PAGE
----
ukraine troops

The West does not have the stockpiles of weapons needed to sustain a prolonged military campaign in Ukraine or elsewhere, the CEO of one of the Pentagon’s main defense contractors has warned.

The military-industrial complex therefore needs a “clear demand signal” from Western governments on what exactly it should produce and whether it will be purchased, Kathy Warden told the Financial Times in an interview published on Sunday.

“The most important thing now is to get a clear demand signal on what the sustained commitment is and the level of drawdown from those stockpiles is going to be,” she explained.

Existing weapon stockpiles were not designed for a prolonged conflict, Warden said. However, the West is not yet running out of arms for Ukraine.

She said, “I would not necessarily say that I have heard we are running out, but if you do project forward that we are going to want to sustain these levels of commitments for another couple of years – that is certainly not what anyone had built stockpiles to accommodate.”

The Pentagon’s main contractors have been meeting several times a week to discuss efforts to supply Ukraine. The dialogue with the Pentagon was “good.” Warden said, and further discussions are ongoing about “getting clarity on their plans.”

“They have been doing their best to pull industry together and share those plans, both at a more general level and specific, so that we can get ahead of contract and make investment and advance,” she added.

While Northrop Grumman is ready to invest and even expand its factories “ahead of a contract” the industry still needs more clarity about Washington’s plans to support Ukraine, Warden warned. The military-industrial complex needs to “get an indication that if we build it, the demand will come.”

The U.S. is become Kiev’s top supplier in the ongoing conflict, allocating billions to prop up Ukraine in its fight against Russia.

Global supply chain issues have doubled or tripled the company’s turnaround time in some cases, Warden said.

Another defense company has already begun to procure the necessary components in anticipation of contracts for more weapons, but there is a risk that the produced weapons will not be ultimately used, the newspaper noted.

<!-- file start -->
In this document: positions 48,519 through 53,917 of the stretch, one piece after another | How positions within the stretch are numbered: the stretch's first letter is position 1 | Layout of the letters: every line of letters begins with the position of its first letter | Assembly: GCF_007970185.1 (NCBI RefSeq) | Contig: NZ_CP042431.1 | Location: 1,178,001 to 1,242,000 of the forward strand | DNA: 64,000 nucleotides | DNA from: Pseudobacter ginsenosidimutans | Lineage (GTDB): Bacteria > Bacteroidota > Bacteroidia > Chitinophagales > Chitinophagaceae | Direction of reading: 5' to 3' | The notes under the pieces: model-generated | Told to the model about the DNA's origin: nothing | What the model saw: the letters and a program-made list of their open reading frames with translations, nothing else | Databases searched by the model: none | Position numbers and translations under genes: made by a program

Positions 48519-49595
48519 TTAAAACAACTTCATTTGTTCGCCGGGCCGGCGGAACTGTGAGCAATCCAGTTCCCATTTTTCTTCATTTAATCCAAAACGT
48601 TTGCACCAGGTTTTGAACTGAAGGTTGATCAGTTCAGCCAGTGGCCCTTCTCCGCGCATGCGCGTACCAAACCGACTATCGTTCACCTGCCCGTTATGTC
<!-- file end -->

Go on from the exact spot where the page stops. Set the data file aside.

Germany Would Not Survive Winter Without Russian Gas

Germany’s natural gas reserves are not enough to see the country through next winter without purchasing additional Russian gas, the top official in charge of electricity and gas networks has told the media.

In an interview with Germany’s Bild am Sonntag, published on Sunday, Klaus Muller warned that while “gas reservoirs are nearly 65% full,” and “it is better than in the previous weeks” it is still not sufficient to “go through the winter without Russian gas.”

Muller, who is president of Germany’s Federal Network Agency, added that much now depends on whether maintenance work on the Nord Stream 1 pipeline concludes as expected on Thursday.

When asked how long it would take before energy prices for consumers in Germany are further raised, in case of a complete stoppage of Russian gas deliveries, Muller said no decision has yet been made.

The energy regulator president insisted that Germans “should not succumb to panic,” assuring that “private households have the least reason of all to worry,” and will be provided with gas far longer than industry.

Moreover, according to the official, “there is no scenario in which we remain completely without gas.”

Muller noted that even if Russia were to cut supplies entirely, other countries like Norway, the Netherlands and Belgium would still be selling the fossil fuels to Germany. In future, the country’s own liquefied natural gas terminal will also make a difference, the network agency’s president added.

Muller said if gas rationing occurs, the agency will weigh up the potential damage to the economy and supply chains from shutting off supplies to any particular business or industrial plant.

The official went on to claim that even if there is a shortage, it will likely affect only the parts of Germany which are at the end of the gas network.

Muller also dismissed suggestions that Berlin should ban any gas exports to neighboring European countries, stressing the importance of solidarity.

“Just like we are now benefiting from the liquefied natural gas ports in Belgium and the Netherlands,” Germany would lend its neighbors a helping hand should they face a severe gas shortage, the official pledged.

Muller predicted that Germany has two difficult winters ahead, with a risk of gas shortages, but by summer 2024 the country will be independent from Russian gas.

“What is also true, however, is that the prices will never be as low as they once were,” Muller acknowledged.

Since the start of Russia’s offensive against Ukraine, gas prices in Europe have soared, reaching an all-time-high of over $3,600 per 1,000 cubic meters in early March.

While Ukraine and some other Eastern-European nations, including Poland, have been calling on the EU to ban imports of Russian gas, Brussels has so far stopped short of implementing the measure due to a lack of consensus among member states.